Kidding Episode 1 – Which airs at 10pm on September 9th, 2018 on Showtime.
A treatise about surviving death, perhaps the most disappointing thing about Jim Carrey’s new series is how conventional it is. There’s still plenty of time for this to change, for the trailer suggested a series which was going to be far more unpredictable, but this first episode is a traditionally structured and shot comedy drama about one man’s reaction to the death of his son.
Carrey’s impressive as the Mr Rogers-esque Jeff Pickles, it’s a calm, gentle and controlled take on the role and thankfully Carrey doesn’t bring along his collection of tricks and tics to the part, it’s a paired down performance, and all the better for it. In this first episode he wishes to create an episode of his children’s tv show which introduces death to the audience, if only in an attempt to persuade his wife (the ever wonderful Judy Greer) that he’s coming to terms with his loss. Inevitably events don’t go to plan, leading to him to making decisions that right now look like they could end disastrously. There’s a rich supporting cast who work with him, including Frank Langella as his father Seb, who’s also the producer of the show, and Catherine Keener as his sister Deirdre, who works as a designer and puppeteer on the series as well. Both are flawed characters, with Langella a relic from a different era who believes men should never cry in front of women, whilst Keener attempts to be a good parent to her daughter despite a clearly messy relationship with her husband. It’s clearly a show about damaged adults, but also damaged children who struggle to react to their parents inability to cope with tragedy.
The difficulties of parenting looks like it will also be a big part of the series. Not only is Carrey portrayed as a father figure to the nation’s children, but we also have Carrey and Greer’s remaining son coming to terms with the death of his twin brother and his parents collapsing marriage, along with Keener’s daughter testing the boundaries of her relationship with her parents, made all the more complicated by Keener’s husband’s infidelity which the child has witnessed. Other than that “Kids are easily fucked up, and frustrating and irritating bastards” the series has little to say so far, but given it’s only the first episode and much of the time is devoted to setting up the premise it’s unfair to judge it quite yet on such a front. Though it’s a conclusion I don’t necessarily disagree with either.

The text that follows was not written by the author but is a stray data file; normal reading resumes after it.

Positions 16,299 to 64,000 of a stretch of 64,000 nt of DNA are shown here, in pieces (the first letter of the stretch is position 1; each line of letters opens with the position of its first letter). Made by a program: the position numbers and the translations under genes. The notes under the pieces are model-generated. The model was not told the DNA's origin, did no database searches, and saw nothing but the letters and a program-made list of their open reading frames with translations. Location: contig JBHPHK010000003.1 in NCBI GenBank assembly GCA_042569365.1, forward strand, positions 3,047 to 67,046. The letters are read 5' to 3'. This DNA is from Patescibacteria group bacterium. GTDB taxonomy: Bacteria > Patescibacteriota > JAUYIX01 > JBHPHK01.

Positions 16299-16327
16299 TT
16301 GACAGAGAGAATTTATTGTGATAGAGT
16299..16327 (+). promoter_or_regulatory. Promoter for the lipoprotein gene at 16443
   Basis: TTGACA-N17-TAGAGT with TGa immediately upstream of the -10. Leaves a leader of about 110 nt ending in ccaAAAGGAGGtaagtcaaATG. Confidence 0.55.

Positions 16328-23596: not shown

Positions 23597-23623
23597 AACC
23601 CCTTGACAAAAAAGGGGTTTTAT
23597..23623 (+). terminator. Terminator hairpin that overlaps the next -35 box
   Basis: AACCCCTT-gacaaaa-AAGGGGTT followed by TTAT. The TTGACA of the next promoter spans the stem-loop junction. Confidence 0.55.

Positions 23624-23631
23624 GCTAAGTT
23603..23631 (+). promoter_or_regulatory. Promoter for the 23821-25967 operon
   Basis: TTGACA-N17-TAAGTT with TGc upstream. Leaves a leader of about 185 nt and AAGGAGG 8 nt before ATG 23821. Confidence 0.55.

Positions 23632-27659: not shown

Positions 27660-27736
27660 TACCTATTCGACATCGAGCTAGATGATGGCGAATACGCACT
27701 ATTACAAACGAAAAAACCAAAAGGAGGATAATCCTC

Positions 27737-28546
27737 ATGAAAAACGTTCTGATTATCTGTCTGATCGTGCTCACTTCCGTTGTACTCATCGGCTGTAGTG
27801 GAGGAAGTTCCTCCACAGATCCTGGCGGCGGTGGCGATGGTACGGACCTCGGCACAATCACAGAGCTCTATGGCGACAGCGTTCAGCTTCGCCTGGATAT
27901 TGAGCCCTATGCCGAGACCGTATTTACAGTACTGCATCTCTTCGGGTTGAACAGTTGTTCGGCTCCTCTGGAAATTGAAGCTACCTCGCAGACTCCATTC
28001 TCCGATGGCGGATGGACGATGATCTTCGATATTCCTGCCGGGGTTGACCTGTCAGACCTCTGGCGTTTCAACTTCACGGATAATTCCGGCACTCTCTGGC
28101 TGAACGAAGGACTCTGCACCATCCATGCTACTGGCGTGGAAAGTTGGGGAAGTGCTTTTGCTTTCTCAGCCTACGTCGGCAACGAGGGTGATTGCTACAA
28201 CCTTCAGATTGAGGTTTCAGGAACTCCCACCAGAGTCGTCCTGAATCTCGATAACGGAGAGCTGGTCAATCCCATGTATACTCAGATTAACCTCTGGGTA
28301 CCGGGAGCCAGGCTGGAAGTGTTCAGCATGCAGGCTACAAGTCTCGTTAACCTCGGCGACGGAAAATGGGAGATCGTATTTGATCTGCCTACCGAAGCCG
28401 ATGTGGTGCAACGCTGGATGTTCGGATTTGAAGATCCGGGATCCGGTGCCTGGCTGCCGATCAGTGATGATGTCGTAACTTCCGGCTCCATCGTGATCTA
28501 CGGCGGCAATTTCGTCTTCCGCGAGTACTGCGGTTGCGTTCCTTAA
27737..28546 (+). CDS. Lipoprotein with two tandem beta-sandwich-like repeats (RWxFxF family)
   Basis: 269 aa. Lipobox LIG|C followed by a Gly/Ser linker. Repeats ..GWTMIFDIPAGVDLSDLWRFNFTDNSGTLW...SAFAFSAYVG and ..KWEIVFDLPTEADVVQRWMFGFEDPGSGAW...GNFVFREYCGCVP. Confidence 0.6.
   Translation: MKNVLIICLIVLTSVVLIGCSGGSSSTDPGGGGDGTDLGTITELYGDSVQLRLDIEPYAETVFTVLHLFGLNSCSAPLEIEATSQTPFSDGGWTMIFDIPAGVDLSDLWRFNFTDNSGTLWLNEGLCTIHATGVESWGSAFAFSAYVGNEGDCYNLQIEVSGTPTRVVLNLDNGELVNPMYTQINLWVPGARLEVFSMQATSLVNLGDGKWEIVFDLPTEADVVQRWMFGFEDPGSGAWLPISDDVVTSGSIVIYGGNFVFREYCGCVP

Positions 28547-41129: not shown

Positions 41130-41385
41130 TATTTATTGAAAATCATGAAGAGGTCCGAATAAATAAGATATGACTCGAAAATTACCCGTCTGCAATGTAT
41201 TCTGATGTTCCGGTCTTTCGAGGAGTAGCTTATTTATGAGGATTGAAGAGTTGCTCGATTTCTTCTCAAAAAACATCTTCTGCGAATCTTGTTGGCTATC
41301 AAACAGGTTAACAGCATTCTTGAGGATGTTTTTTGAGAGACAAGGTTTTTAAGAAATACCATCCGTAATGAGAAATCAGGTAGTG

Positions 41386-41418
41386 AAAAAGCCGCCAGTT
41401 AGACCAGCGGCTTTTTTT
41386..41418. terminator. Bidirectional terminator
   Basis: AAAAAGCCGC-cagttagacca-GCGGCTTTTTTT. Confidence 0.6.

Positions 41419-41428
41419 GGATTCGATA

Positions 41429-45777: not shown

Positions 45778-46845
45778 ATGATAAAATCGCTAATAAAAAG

Michel Gondry is one of my favourite directors, not only due to Eternal Sunshine of the Spotless Mind but also Mood Indigo and Microbe & Gasoline, but his work here echoes the latter film with it’s steady and unfussy direction, concentrating on the characters rather than unusual effects. It’s a shame though as I prefer the more experimental side of the director, and the material certainly suggests it could handle a more unusual take, as it’s not as if it hasn’t been covered before.
Despite the above criticisms it’s certainly an interesting opening episode, with a smart line in strange juxtapositions – for instance in once scene Carrey philosophises that “When kids don’t talk about their dark feelings they get quiet. It’s the quiet ones that make the news,” before giving his assistant a signed dvd which reads “To Derrell, Be nice to sluts, Danny Trejo”. There are other respites from the bleakness too, including Rich Fulcher as one part of Snagglehorse, a blue sort of pantomime horse, who indulges in angry sex whilst wearing the costume, which is something we can all relate to I’m sure.
After only one episode it’s difficult to see quite what direction Kidding will take, whether it will languish in grief, be an exploration of a man losing his sanity, or perhaps consider a more optimistic take on recovering from tragedy, but there’s enough here to suggest it could be something rather special as long as it strays from the obvious.